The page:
“At first blush it is hard to see how this could benefit passengers, but given Delta’s recent track record, maybe it will turn out to be an improvement.”

What’s the policy for other airlines?

Airlines that have axed the recline function altogether include budget carriers serving short-haul routes, such as Allegiant Air and Spirit in the US; and easyJet and Ryanair in the UK.

Last year, however, British Airways joined them, announcing it would fit non-reclining seats on 35 of its new Airbus A320neos and A321neos that are scheduled to arrive over the next four years.

On flights lasting up to four hours in duration, the seats will be pre-set to a “gentle recline”, the airline stated, which is the same way Spirit describes its pre-reclined seats, so as “to ensure everyone in the cabin enjoys a comfortable journey.”

Could more airlines follow Delta’s lead?

This remains to be seen. As far as airlines are concerned, seats that don’t recline are lighter and therefore cheaper, as well as being easier to maintain. But as we’ve seen, the jury is out when it comes to the preference of passengers.

Writing for Skift, Brian Sumers weighed in: “A few other full-service airlines might add pre-reclined seats, but it’s probably not going to become a trend soon.

“Many larger US and European airlines have added seats to planes in recent years, and while they have noticeably shrunken legroom on many planes, they’ve kept recline. British Airways might be an outlier for a while.”

What’s your view?

Tell us your stance in the comment box below: would you like to see more airlines axe the seat recline function? Even on long haul flights? Or are you a firm believer in every passenger’s right to lean back...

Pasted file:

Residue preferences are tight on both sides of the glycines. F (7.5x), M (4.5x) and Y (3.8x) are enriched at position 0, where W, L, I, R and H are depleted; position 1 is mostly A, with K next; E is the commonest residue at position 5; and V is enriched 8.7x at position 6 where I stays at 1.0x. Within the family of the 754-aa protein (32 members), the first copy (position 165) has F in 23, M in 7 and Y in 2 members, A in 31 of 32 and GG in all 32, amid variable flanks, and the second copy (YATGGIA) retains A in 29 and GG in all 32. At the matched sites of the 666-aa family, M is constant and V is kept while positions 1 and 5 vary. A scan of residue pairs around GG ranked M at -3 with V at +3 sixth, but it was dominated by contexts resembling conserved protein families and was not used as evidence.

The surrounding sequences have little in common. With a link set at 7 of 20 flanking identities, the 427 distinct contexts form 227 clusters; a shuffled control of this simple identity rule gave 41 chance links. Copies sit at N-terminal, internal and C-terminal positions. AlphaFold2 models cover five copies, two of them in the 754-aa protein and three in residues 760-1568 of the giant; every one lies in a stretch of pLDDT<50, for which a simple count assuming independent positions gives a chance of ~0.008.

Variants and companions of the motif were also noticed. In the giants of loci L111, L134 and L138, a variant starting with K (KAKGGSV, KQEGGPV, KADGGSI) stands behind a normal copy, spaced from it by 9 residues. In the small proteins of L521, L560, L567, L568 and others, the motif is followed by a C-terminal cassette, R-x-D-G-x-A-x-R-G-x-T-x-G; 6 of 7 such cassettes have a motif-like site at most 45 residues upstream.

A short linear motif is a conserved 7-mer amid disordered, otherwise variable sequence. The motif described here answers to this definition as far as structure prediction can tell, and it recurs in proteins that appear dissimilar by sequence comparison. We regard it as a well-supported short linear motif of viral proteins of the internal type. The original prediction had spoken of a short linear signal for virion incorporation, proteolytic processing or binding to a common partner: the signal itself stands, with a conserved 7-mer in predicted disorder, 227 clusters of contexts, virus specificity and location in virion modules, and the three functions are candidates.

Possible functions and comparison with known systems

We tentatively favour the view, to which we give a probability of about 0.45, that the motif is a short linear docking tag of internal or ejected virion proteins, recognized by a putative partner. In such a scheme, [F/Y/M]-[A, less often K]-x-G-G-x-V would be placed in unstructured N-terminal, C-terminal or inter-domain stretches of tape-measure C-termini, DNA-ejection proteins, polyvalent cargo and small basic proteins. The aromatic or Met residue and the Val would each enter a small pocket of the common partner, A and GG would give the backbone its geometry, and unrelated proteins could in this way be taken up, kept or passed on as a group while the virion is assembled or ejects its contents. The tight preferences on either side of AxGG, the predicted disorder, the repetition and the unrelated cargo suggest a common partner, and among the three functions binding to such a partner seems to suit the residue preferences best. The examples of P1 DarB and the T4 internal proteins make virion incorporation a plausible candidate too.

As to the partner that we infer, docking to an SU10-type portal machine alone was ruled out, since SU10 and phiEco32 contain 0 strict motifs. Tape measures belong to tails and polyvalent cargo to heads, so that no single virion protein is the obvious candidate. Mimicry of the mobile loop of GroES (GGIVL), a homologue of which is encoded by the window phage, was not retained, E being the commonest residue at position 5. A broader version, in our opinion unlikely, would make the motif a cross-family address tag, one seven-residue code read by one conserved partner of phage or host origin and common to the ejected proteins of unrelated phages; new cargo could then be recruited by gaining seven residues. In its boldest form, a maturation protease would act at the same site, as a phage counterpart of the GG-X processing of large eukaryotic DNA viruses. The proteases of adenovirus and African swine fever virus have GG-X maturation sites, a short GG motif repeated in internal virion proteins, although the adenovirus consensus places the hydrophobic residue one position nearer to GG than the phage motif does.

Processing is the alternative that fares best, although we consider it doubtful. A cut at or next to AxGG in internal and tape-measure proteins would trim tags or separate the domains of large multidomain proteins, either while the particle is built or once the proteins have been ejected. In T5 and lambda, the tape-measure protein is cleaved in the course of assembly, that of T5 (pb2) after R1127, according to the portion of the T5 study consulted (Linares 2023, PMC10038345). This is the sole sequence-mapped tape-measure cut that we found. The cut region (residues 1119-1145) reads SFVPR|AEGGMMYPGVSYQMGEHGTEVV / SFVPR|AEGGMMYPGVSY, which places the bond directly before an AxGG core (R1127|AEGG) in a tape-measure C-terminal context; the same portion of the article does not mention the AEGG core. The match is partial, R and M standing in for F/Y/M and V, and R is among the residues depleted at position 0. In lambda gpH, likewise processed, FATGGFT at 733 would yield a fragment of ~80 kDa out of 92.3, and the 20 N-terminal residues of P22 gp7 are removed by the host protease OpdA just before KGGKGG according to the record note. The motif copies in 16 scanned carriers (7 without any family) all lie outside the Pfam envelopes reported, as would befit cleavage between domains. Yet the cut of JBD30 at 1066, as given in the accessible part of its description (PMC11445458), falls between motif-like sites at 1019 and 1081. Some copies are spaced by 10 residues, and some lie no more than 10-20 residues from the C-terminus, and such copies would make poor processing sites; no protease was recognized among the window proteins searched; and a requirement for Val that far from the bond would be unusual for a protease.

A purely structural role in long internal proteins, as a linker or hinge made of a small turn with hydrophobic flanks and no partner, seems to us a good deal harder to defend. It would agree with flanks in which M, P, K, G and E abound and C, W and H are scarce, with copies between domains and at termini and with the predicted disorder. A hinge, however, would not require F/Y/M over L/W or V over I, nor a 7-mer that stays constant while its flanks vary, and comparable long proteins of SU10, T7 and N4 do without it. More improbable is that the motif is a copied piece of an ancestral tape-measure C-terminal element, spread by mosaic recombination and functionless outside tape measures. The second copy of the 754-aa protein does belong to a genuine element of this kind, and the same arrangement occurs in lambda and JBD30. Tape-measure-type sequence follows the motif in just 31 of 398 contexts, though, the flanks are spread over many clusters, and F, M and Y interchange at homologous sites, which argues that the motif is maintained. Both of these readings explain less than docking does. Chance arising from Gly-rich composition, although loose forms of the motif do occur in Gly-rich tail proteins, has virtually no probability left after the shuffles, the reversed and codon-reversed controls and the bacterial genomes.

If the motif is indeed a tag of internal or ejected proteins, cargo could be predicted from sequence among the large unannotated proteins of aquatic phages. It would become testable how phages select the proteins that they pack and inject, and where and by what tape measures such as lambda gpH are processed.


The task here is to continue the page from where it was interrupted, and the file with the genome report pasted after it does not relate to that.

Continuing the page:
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Could more airlines follow Delta’s lead?

This remains to be seen. As far as airlines are concerned, seats that don’t recline are lighter and therefore cheaper, as well as being easier to maintain. But as we’ve seen, the jury is out when it comes to the preference of passengers.

Writing for Skift, Brian Sumers weighed in: “A few other full-service airlines might add pre-reclined seats, but it’s probably not going to become a trend soon.

“Many larger US and European airlines have added seats to planes in recent years, and while they have noticeably shrunken legroom on many planes, they’ve kept recline. British Airways might be an outlier for a while.”

What’s your view?

Tell us your stance in the comment box below: would you like to see more airlines axe the seat recline function? Even on long haul flights? Or are you a firm believer in every passenger’s right to lean back...

Inspiration for your inbox

Sign up to Telegraph Travel's new weekly newsletter for the latest features, advice, competitions, exclusive deals and comment.  

You can also follow us on TwitterFacebook and Instagram

Where do you stand on the recline-or-not-to-recline debate? We want to hear from you in the comments section below.